Make: Sorting and Searching

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in it. That's because all GNU Make functions assume lists split on spaces and have no special escaping or handling of spaces in paths. The work around for this situation is to replace all spaces in the pattern with the ? globbing character and then call $(wildcard):

sp :=

sp += # add space

space-wildcard = $(wildcard $(subst $(sp),?,$1))

space-wildcard takes a single argument which is exactly the same format as $(wildcard) and replaces any spaces with ? before calling the native $(wildcard). Because of this you cannot call space-wildcard with a list of patterns to search.

Another way to search is to use the shell's find command (in a similar manner to the use of sort above). Since find has many more search options than $(wildcard) it's possible to perform much more flexible searches (including recursive descents).

Here's the definition of my-wildcard:

my-wildcard = $(shell find $1 -name '$2' $3 -print;)

It takes three arguments: the first is the directory to start searching in, the second is the pattern to search for, and the last optional argument are any argument to pass directly to find (for example, if you don't want find to recursive the third argument would be -maxdepth 0 ).

A simple example, shows how my-wildcard can be used to recursively search from the current directory for all .c files.

$(warning $(call my-wildcard,.,*.c))

If you don't need all the power of find then a simpler replacement function for $(wildcard) can be created just using echo:

simple-wildcard = $(shell echo $1)

It only takes one argument: the pattern to search for, but it overcomes the directory cache limit mentioned above and can be used as a direct replacement for $(wildcard):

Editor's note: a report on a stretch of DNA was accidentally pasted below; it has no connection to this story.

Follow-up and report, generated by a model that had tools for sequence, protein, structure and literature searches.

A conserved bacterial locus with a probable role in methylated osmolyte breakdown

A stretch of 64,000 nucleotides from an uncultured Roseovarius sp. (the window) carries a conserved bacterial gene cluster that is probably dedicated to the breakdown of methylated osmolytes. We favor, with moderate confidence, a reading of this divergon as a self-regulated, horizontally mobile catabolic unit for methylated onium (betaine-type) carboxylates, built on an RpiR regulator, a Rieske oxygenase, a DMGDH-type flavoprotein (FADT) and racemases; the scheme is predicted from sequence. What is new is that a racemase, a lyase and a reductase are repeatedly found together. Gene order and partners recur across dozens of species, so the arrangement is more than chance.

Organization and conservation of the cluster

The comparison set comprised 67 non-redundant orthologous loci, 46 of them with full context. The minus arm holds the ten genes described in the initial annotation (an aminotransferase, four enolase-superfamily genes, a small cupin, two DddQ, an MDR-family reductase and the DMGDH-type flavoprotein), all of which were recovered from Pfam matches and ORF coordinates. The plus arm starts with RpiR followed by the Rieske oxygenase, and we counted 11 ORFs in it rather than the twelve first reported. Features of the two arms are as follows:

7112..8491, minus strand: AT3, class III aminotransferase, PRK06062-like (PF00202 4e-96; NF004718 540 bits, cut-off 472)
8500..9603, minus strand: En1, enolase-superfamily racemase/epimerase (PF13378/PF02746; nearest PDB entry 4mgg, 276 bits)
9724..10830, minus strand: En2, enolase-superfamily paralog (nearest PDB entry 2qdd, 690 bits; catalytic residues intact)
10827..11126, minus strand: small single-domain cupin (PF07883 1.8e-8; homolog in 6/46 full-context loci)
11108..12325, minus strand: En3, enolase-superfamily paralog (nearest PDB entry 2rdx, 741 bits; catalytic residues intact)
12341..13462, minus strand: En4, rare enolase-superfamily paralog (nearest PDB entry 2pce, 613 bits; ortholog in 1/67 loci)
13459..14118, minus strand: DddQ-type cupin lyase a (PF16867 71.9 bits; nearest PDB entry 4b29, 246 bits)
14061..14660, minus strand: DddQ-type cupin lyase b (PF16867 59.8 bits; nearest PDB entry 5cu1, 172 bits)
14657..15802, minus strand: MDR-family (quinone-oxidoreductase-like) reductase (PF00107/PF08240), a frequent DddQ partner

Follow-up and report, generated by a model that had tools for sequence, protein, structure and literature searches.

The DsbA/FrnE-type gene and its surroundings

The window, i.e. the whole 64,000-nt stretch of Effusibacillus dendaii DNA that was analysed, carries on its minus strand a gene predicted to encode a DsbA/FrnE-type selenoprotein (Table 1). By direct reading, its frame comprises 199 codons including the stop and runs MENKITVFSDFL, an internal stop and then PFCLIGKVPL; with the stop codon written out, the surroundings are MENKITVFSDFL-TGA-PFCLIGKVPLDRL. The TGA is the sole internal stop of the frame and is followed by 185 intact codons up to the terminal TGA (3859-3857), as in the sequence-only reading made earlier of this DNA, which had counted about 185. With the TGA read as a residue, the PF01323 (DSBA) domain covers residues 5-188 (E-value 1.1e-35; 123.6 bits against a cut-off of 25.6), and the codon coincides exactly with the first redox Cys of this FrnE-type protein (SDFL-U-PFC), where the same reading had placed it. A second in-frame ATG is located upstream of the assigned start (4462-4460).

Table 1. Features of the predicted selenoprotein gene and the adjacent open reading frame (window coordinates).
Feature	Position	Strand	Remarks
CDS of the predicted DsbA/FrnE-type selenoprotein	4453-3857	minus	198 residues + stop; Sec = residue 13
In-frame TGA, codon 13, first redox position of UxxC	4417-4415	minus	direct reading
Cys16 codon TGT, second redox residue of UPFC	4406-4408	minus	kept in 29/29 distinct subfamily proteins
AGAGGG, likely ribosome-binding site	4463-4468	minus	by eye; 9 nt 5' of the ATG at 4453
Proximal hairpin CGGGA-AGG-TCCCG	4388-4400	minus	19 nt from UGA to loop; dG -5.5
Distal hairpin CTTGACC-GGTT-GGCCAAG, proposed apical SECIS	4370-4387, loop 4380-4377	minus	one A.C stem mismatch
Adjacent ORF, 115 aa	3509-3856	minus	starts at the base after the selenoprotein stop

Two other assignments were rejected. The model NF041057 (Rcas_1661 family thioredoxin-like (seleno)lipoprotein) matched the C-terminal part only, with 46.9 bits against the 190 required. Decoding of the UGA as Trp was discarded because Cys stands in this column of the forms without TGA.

Here's how simple-wildcard can be used to find all the .c files in the parent directory with exactly the same syntax as $(wildcard):

$(call simple-wildcard,../*.c)

Recursively searching for a file

Although you can use my-wildcard above (which used the shell find function to perform recursive searches) it would be nice to perform them using only built-in GNU Make functions to avoid the cost of starting a shell with $(shell).

It's possible to perform a recursive $(wildcard) using the following definition that only uses built-in GNU Make functions and never calls the shell:

search = $(foreach d,$(wildcard $1/*),$(call search,$d)$(filter $(subst *,%,$2),$d))

This search function has two arguments: the first is the directory to start the recursive descent in; the second is the pattern to search for. The pattern is not as flexible as $(wildcard) and only supports a single * wild card.

It works by first calling $(wildcard) to get a list of all files and directories (the $(wildcard $1/*) ) and then for each one it recurses and calls itself. After the recursion returns to the main function the list of files and directories is matched against the pattern using $(filter).

It's here that the 'single * wild card' restriction is created because $(filter) can only accept a single % wild card. Any * present in the second argument to search is converted to % for $(filter) by the $(subst *,%,$2) .

Searching a list of directories for a file

Another common type of file searching is 'in which of these directories can I find file X?' And the most common form of that is searching the path for an executable.

It's fairly easy to define a function, let's call it which-dir, that takes two arguments: a list of directories to search and the name of a file to look for. which-dir will search the list of directories and

About the author

John Graham-Cumming's picture John Graham-Cumming

John Graham-Cumming is Co-Founder at Electric Cloud, Inc . Prior to joining Electric Cloud, John was a Venture Consultant with Accel Partners, VP of Internet Technology at Interwoven, Inc. (IWOV), VP of Engineering at Scriptics Corporation (acquired by Interwoven), and Chief Architect at Optimal Networks, Inc. John holds BA and MA degrees in Mathematics and Computation and a Doctorate in Computer Security from Oxford University. John is the creator of the highly acclaimed open source POPFile project. He also holds two patents in network analysis and has others pending.

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